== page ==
Rockstar parent company confirms Red Dead Redemption ‘will keep going’
| Last updated
Rockstar Games’ parent company, Take-Two, confirmed Red Dead Redemption ‘will keep going’ just like James Bond.
Almost five years have gone by since the release of Red Dead Redemption 2 in 2018 and fans are eagerly awaiting a third instalment.
The critically acclaimed western series began life with the lesser-known Red Dead Revolver way back in 2004. The game reached legendary status with the release of 2010’s Red Dead Redemption.
There’s no need to throw away hope or your cowboy hats any time soon as the third Red Dead Redemption game has been confirmed and will arrive at some point.
Given all the time that passed between the release of Red Dead Redemption and Red Dead Redemption 2 (eight years) - not to mention the fact Rockstar is currently working on another hotly anticipated sequel, GTA VI, we probably shouldn't expect to see the third entry any time soon.
In recent news, Michael Unsworth, the vice president of writing, left Rockstar Games after 16 years last month. He worked on Red Dead Redemption and Grand Theft Auto.
During a chat with the Jefferies Virtual Global Interactive Entertainment Conference last year, Take-Two’s Strauss Zelnick compared his company’s massive franchises - including Red Dead Redemption and Grand Theft Auto - to James Bond, meaning they can keep going until they stop making money.
James Bond just so happens to be one of the biggest franchises ever, with all 27 films grossing around $21.3bn (£16.6bn) since the first film, Dr. No came out over 60 years ago in 1962.
So, it’s fair to say that Zelnick has lofty expectations for the two major franchises and there’s no end in sight.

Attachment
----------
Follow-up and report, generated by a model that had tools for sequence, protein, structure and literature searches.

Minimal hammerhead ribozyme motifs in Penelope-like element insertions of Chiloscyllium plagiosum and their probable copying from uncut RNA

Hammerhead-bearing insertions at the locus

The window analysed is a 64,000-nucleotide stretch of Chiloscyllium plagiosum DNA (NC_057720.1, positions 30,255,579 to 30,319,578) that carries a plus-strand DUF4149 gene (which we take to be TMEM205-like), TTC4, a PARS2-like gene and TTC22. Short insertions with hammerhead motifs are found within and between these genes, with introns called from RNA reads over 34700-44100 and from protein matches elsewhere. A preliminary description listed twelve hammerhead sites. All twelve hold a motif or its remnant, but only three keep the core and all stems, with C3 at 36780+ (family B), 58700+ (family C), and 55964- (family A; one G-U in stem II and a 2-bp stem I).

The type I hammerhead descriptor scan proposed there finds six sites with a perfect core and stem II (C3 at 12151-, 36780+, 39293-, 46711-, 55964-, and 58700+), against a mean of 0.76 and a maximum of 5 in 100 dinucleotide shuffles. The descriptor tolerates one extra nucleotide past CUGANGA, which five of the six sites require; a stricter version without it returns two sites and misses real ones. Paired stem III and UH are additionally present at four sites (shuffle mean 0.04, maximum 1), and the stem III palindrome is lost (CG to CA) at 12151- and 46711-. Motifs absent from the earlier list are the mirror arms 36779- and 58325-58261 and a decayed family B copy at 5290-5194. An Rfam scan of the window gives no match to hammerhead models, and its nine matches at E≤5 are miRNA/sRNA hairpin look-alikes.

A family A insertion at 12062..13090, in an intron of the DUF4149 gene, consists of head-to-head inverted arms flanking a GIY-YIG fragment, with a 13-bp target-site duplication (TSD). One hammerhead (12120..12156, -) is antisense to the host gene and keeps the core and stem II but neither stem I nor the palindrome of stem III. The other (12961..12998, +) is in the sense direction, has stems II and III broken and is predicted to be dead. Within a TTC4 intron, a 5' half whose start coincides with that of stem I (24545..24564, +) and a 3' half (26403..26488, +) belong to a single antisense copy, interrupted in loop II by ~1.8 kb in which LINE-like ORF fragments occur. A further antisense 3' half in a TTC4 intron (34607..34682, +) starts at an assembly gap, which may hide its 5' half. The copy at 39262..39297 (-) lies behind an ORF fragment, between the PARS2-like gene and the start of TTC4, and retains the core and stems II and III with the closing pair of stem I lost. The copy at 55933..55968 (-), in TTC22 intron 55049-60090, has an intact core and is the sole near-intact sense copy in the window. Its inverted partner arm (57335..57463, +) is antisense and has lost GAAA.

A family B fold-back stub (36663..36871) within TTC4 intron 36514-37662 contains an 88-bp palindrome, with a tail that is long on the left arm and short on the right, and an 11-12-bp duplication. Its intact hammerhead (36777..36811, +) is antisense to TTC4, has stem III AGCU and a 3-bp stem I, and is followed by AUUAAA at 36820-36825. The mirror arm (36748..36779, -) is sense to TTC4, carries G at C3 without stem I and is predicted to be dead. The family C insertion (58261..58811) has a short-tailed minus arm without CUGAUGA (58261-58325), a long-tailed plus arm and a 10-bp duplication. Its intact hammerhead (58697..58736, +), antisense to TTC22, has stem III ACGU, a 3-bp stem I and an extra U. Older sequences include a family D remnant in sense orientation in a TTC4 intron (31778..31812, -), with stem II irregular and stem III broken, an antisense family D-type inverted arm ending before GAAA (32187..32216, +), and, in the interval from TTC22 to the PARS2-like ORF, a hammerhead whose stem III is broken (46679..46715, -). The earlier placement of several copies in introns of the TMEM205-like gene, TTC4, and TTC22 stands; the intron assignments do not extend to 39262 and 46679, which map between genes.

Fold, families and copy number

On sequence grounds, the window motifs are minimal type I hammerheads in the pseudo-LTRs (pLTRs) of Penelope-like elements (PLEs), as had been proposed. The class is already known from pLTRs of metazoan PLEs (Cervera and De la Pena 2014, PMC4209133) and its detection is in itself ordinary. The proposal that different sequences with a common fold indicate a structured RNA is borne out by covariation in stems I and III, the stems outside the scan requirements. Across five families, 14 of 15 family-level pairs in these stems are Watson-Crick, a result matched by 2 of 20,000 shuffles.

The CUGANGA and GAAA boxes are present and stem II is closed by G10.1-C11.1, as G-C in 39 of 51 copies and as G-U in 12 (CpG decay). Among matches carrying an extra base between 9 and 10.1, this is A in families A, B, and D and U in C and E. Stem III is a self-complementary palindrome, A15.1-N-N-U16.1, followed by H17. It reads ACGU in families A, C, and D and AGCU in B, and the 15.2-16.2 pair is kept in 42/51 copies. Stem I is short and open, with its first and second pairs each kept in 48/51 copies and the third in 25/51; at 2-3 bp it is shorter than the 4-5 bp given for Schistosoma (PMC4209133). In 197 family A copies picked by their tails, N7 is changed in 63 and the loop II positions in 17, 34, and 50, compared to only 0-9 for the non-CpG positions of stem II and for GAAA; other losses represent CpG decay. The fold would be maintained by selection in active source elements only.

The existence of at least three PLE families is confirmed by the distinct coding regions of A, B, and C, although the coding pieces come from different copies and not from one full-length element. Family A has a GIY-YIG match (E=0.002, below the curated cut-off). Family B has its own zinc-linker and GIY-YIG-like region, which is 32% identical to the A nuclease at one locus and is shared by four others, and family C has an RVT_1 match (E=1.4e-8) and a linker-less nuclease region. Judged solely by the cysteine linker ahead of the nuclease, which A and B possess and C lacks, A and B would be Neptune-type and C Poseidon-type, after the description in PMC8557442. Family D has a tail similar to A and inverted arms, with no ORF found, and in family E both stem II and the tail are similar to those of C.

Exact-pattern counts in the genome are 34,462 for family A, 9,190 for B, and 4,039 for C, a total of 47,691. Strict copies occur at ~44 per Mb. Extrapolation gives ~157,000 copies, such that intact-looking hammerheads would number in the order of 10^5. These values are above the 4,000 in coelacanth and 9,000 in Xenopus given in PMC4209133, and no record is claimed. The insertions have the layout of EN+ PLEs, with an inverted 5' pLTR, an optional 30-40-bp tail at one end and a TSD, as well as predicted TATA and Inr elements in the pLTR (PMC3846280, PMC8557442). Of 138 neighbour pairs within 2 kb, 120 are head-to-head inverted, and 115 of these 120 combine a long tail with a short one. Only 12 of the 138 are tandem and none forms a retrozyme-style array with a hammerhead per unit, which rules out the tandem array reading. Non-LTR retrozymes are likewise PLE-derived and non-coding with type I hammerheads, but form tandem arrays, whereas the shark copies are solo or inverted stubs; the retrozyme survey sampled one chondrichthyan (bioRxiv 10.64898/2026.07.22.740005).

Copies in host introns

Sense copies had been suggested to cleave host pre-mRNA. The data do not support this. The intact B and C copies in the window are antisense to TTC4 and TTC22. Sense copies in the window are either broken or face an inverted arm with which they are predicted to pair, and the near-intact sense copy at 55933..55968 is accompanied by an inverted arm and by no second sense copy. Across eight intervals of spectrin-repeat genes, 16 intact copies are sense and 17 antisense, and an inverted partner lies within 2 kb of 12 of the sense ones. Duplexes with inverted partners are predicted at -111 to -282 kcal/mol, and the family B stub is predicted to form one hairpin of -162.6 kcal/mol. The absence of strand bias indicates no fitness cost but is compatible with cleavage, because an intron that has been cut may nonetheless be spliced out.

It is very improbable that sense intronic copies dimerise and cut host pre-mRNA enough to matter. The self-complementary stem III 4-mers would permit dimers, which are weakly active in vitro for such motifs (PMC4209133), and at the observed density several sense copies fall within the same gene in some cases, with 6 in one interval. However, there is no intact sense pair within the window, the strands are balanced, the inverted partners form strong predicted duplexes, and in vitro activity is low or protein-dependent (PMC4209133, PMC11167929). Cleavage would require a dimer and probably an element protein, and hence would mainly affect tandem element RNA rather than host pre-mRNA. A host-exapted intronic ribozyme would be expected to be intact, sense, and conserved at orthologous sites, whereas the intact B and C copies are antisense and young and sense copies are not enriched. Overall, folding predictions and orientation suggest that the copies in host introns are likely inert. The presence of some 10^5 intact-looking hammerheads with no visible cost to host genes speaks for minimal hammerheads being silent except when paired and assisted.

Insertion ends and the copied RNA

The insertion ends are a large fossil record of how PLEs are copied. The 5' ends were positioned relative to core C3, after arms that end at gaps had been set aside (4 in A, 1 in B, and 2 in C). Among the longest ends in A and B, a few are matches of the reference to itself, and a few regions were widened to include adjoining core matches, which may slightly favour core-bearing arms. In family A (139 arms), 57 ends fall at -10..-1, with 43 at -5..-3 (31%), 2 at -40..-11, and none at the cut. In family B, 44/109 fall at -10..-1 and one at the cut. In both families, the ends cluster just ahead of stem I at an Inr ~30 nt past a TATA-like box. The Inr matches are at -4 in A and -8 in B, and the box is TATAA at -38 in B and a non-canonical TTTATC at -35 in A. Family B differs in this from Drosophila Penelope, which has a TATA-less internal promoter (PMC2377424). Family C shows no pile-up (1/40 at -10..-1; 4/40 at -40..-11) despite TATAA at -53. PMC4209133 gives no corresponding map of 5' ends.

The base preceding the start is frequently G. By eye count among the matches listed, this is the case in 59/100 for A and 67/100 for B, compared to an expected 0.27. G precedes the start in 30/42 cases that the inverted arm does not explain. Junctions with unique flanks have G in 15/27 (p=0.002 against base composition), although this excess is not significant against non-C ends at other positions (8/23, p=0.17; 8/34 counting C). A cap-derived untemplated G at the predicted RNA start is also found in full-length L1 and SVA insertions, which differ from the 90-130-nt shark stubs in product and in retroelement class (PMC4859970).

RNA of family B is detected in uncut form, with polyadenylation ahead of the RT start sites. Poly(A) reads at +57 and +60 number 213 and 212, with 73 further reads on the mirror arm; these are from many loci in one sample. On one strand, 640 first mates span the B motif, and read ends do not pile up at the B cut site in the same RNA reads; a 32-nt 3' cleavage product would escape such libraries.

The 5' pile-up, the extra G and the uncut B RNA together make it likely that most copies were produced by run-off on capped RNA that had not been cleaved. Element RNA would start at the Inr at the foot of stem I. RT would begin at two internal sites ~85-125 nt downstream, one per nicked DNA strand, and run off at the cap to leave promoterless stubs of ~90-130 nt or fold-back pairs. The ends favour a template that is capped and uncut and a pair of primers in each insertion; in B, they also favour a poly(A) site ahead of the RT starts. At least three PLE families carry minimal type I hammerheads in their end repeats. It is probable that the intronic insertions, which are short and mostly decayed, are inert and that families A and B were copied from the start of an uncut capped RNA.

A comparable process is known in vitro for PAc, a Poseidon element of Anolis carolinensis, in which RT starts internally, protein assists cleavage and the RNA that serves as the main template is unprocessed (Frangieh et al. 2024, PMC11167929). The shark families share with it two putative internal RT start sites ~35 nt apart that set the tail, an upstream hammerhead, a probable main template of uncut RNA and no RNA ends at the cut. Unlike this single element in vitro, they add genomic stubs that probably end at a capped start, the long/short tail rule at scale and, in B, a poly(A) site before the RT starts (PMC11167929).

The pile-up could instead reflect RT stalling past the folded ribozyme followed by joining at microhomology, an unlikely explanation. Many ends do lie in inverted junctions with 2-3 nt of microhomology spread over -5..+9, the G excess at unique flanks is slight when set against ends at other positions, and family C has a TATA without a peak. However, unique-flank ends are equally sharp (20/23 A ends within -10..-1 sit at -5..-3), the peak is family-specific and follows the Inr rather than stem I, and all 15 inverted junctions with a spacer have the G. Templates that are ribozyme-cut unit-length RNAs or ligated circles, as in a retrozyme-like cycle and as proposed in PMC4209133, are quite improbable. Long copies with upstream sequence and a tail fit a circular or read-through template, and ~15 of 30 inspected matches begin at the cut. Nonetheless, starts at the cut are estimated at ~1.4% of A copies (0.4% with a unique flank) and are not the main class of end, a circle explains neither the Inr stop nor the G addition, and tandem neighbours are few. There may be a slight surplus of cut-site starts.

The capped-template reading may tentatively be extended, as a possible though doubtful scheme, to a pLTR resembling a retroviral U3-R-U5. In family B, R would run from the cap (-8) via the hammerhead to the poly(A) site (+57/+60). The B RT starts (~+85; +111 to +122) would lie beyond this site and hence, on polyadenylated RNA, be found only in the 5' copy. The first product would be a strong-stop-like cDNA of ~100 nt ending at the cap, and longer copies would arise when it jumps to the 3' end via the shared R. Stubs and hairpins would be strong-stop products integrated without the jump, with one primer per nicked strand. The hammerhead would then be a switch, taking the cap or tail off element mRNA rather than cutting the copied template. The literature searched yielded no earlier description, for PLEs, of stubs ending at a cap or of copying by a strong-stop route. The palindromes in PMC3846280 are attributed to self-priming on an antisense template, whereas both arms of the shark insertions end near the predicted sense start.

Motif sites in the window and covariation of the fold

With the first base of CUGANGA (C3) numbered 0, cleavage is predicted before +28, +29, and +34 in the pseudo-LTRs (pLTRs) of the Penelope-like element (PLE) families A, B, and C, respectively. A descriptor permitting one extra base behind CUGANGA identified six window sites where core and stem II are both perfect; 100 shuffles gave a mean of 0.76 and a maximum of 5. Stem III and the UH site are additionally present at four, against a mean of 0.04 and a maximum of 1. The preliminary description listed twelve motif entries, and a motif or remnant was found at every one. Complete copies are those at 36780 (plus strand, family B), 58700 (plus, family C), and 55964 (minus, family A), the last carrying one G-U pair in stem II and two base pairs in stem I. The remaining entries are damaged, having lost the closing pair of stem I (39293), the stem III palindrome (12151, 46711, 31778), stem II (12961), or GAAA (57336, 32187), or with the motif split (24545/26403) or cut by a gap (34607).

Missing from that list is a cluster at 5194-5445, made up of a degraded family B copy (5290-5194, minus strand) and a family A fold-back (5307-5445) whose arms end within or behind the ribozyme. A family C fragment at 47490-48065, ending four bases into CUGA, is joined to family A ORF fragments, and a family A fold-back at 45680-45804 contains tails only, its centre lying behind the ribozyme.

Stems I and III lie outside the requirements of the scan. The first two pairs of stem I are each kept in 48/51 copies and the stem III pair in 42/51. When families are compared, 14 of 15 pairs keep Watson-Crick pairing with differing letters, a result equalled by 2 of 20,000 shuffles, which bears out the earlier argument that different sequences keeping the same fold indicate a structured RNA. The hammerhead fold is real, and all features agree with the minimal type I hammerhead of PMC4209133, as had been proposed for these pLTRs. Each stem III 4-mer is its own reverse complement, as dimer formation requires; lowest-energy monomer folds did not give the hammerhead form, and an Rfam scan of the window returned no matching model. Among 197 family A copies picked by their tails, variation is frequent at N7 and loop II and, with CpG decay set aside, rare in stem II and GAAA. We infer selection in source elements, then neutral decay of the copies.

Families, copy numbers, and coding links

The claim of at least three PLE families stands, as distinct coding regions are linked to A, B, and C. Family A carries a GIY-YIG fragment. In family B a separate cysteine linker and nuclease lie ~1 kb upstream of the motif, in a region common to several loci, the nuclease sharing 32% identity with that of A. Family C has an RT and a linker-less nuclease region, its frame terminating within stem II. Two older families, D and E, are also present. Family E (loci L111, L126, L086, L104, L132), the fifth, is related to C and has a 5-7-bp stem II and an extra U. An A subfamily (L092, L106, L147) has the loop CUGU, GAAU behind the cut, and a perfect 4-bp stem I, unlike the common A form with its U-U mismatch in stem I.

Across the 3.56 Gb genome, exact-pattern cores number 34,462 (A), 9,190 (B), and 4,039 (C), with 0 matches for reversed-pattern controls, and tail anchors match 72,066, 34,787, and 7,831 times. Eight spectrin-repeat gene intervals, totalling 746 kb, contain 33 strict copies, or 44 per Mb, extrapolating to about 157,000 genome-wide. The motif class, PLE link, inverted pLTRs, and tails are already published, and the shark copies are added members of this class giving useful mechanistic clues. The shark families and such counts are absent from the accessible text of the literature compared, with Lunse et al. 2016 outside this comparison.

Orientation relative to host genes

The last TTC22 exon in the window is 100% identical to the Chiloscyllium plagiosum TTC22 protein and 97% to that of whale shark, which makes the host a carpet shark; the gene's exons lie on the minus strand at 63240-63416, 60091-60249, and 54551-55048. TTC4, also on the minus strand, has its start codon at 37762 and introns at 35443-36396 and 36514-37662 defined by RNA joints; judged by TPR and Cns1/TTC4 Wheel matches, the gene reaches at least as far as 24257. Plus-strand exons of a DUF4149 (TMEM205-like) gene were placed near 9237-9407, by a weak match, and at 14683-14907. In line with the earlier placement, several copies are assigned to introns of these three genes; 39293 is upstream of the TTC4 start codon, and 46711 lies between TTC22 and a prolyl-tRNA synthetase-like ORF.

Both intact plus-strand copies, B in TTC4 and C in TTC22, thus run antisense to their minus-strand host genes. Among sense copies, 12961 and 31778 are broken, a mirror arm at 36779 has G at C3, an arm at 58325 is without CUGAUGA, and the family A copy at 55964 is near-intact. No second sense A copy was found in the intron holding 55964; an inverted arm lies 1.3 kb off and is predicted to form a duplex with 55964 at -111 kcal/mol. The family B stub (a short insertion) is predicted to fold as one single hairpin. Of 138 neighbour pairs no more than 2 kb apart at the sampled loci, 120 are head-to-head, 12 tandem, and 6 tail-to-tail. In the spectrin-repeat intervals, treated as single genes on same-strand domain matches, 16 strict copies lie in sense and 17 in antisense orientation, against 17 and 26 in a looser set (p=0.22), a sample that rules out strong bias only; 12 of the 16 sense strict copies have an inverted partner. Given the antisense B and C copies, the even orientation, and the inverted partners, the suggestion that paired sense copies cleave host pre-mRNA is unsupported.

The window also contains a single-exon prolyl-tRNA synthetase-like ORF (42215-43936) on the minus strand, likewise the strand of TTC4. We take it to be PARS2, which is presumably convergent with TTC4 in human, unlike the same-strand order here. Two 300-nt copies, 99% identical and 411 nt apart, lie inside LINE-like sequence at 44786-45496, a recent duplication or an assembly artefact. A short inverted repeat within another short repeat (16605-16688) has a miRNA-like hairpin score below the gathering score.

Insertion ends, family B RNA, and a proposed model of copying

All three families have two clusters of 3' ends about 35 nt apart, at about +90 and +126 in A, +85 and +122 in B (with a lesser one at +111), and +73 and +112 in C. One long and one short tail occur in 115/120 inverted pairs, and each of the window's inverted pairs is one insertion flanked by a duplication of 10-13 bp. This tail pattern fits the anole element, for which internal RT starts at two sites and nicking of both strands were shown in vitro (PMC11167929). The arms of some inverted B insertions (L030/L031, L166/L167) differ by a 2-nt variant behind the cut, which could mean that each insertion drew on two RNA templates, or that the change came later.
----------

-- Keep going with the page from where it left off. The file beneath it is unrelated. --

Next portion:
"If it's really, really great, it will keep going," the CEO said. "I don't know if you saw it, I just saw the new Bond film, that was great. You would like every franchise to be James Bond. There are precious few entertainment franchises of any sort that fall into that category, but they do exist. And I think GTA is one of them, I think Red Dead is one of them, NBA is obviously one of them because the game will continue to exist.”
Zelnick said developers and game-makers could run the risk of burning out titles if they released new instalments annually, which is another reason we should be sort of thankful for the long wait.
"It also requires you to be thoughtful and willing to rest the titles, so you have a sense of, 'wow, this is a rare event,'" Zelnick explained. "I've always said that annualizing non-sports titles runs the risk of burning out the intellectual property, even if it's good. So we take the time to make something we think is incredibly phenomenal, and we also rest titles intentionally so that there's pent-up demand for that title, so it's a special event."
Featured Image Credit: Rockstar Games